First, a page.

08/22/09 11:35 PM ET
Danks' gutsy effort leads Sox past O's
Lefty overcomes wildness; Chicago 2 1/2 out in Central
By Jesse Temple / MLB.com
Heck, not even some of his teammates gave Danks much of a shot to last beyond the third with the way he was throwing.
He labored, and labored, and labored some more, fighting both his control and a recurring index finger flareup every step of the way out of the gate. Slowly but surely, however, Danks righted his rickety ship, ultimately turning a stream of boos into a standing ovation when he exited the game in the seventh inning.
Danks (11-8), who had walked five batters by the third, lasted 6 1/3 innings, allowing one run on three hits with six total walks, as the White Sox defeated the Orioles, 4-1, to even the three-game set at one apiece. With the Tigers' 3-2 loss to the A's, the White Sox are 2 1/2 games back in the American League Central race.
Danks' escape act came after both a mound visit in the third from White Sox manager Ozzie Guillen and with long reliever D.J. Carrasco ready to take his spot on the hill from the bullpen.
"He couldn't find the plate," Guillen said of Danks. "He made big pitches when he had to make them. Then after that, he just turned the corner and threw the ball better and fought. This kid's a warrior. This kid goes out there, no matter what he does, he's going to give you the best he has."
Danks (11-8) walked his fifth batter of the contest when he issued a free pass to Adam Jones, loading the bases with one out in the third, and was teetering on the edge of being pulled, which would have been his shortest outing of the season.
"I was one ball away from being out of that game in the third inning," Danks said.
Rookie Gordon Beckham, who made some nice defensive plays behind Danks, including robbing Brian Roberts of a leadoff hit in the first with a leaping catch, thought Danks was headed for trouble.
"I thought he was getting out in the third inning," Beckham said. "That's kind of the way it was going. But he battled, and he didn't have his good stuff until a little bit later. He battled. That was unbelievable."
Almost miraculously, Danks escaped the third-inning, bases-loaded jam unscathed, striking out Nick Markakis swinging and inducing a popout to second of Nolan Reimold.
"Our big shot came in that inning, and it didn't happen," Orioles manager Dave Trembley said. "I don't think we chased pitches out of the strike zone after that. Our one chance came in that inning when we had guys on and he got out of it."
Danks threw 60 pitches in the first three innings, but tossed just 26 pitches over the next three frames. Danks also retired 10 straight O's between the third and sixth innings.
Part of the reason for Danks' early struggles may have stemmed from an issue he was having with the index finger of his left pitching hand. He experienced blisters and a circulation problem a month ago, which caused him to miss a start. Saturday marked his sixth straight start in the rotation, but the problem flared up again, as television cameras captured what appeared to be a discoloration on his finger.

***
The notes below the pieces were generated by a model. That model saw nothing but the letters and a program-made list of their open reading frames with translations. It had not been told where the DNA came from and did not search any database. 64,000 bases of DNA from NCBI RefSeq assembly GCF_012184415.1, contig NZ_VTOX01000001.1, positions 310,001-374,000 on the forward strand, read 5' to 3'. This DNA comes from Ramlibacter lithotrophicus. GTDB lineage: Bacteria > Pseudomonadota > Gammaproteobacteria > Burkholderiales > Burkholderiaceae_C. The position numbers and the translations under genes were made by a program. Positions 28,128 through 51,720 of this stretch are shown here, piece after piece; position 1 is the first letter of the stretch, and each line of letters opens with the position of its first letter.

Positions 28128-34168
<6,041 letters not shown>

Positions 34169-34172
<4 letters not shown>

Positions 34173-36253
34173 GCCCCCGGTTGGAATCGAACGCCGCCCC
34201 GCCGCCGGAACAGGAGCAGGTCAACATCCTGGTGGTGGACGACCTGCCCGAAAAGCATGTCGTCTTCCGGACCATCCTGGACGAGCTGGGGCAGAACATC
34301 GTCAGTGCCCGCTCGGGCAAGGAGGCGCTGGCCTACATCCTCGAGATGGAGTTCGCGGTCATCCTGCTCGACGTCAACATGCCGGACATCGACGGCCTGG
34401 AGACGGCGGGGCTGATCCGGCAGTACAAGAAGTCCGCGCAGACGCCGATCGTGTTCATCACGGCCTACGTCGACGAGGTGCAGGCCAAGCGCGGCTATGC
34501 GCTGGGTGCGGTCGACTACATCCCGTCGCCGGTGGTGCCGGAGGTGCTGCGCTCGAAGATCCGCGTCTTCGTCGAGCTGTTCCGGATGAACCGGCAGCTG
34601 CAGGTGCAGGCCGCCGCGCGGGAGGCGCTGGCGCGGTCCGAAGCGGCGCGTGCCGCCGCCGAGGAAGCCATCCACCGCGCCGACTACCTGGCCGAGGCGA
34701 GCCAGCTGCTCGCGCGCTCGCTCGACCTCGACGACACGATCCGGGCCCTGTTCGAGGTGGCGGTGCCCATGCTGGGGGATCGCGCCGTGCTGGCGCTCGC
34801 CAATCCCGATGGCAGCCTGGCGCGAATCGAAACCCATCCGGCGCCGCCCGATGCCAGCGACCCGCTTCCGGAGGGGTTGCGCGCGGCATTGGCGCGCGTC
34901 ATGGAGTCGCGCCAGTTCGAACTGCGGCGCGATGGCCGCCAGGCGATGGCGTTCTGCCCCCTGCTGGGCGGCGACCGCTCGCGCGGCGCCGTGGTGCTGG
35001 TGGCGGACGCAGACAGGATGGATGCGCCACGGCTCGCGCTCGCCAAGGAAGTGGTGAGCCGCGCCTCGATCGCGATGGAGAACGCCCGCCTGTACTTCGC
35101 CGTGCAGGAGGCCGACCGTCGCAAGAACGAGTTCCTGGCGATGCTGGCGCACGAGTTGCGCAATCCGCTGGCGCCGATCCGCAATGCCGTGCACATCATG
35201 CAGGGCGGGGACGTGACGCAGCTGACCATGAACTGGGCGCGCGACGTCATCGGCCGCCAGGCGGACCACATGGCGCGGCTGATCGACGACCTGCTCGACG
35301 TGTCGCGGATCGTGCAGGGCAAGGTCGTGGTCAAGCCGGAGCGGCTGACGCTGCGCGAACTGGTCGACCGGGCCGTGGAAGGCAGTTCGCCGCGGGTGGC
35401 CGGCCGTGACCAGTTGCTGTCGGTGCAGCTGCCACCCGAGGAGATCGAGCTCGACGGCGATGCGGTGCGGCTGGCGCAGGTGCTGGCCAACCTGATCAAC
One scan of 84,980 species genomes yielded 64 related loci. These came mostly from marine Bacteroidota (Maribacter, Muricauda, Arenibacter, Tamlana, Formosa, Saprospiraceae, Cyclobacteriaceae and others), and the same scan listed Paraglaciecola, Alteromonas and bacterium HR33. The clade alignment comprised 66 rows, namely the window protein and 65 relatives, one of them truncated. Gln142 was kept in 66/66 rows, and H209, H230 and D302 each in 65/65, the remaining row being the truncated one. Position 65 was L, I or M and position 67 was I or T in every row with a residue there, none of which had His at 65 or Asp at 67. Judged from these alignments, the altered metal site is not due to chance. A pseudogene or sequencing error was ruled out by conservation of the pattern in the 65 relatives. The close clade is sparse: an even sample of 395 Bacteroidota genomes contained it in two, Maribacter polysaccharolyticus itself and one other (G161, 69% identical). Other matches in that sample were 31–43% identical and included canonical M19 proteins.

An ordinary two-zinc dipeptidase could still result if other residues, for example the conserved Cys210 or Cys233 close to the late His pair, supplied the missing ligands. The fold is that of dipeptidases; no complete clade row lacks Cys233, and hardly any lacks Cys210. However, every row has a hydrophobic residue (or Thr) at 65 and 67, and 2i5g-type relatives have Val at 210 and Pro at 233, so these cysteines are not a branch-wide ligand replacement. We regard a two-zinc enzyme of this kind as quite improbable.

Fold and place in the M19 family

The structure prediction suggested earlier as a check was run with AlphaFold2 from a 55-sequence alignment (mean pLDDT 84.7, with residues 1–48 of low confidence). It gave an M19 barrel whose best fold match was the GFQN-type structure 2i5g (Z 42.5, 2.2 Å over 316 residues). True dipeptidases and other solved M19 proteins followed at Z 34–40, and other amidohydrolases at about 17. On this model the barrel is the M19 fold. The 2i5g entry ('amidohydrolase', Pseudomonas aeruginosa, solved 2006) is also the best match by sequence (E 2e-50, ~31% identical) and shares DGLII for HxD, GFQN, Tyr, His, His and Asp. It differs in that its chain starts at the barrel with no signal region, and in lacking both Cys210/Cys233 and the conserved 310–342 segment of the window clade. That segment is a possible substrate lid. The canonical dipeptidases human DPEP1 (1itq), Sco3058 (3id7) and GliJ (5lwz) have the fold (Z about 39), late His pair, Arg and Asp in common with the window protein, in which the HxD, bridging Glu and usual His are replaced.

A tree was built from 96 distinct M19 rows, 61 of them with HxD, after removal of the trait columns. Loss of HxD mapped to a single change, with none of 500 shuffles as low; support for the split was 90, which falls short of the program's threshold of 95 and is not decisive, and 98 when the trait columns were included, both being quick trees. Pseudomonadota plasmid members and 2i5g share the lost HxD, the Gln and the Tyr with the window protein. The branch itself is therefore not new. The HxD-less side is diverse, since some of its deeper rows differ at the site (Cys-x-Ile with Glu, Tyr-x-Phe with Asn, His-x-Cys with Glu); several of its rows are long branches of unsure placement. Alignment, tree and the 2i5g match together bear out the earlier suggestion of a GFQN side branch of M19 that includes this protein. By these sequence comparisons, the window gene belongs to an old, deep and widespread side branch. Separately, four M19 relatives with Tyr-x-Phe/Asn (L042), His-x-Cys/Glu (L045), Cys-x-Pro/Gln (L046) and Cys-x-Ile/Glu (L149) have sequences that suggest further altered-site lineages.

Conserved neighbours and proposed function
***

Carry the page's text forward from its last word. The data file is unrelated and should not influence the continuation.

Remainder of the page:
Danks quickly tried putting those issues to rest after the game.
"The finger's all right," Danks insisted. "It's OK. Apparently, they were showing it on TV. It wasn't nearly as bad as it looked. It's obviously still a work in progress, and I'm going to beat it. But everything was fine. I'm not going to use that as an excuse. It's just a matter of me not throwing strikes. I'll just have to get better."
White Sox left fielder Carlos Quentin gave Danks an early cushion when he launched a solo home run off Orioles starter David Hernandez (4-6) over the left-field wall in the second. It was Quentin's 14th home run of the season and the third straight contest in which he has homered.
The White Sox (63-60) padded the lead in the bottom of the fourth. Alexei Ramirez blooped a bases-loaded single into right field, scoring Jim Thome, who drew a leadoff walk. Mark Kotsay then followed with a sacrifice fly to center, plating Quentin from third for a 3-0 lead. Chicago added another run in the fifth when Jermaine Dye scored on Orioles reliever Brian Bass' wild pitch.
Danks' long night finally caught up to him in the seventh. He walked Luke Scott to lead off the frame and allowed a single to Ty Wigginton off the glove of Kotsay at first, which ended Danks' evening.
As he walked off the mound, Danks received a standing ovation for his efforts, and he appreciatively doffed his cap to the crowd. Despite his wildness, he had managed to allow just three hits, the fewest in his past 10 starts.
It was quite a favorable reversal of fortunes for the 24-year-old lefty.
"I'll tell you what, I didn't expect it in the third inning," Danks said of the cheers. "But it is great. ... I feel like I turned it around OK and gave us a chance to win, got deep in the game, saved the bullpen and it really is nice to get recognized for that."
Jesse Temple is an associate reporter for MLB.com. This story was not subject to the approval of Major League Baseball or its clubs.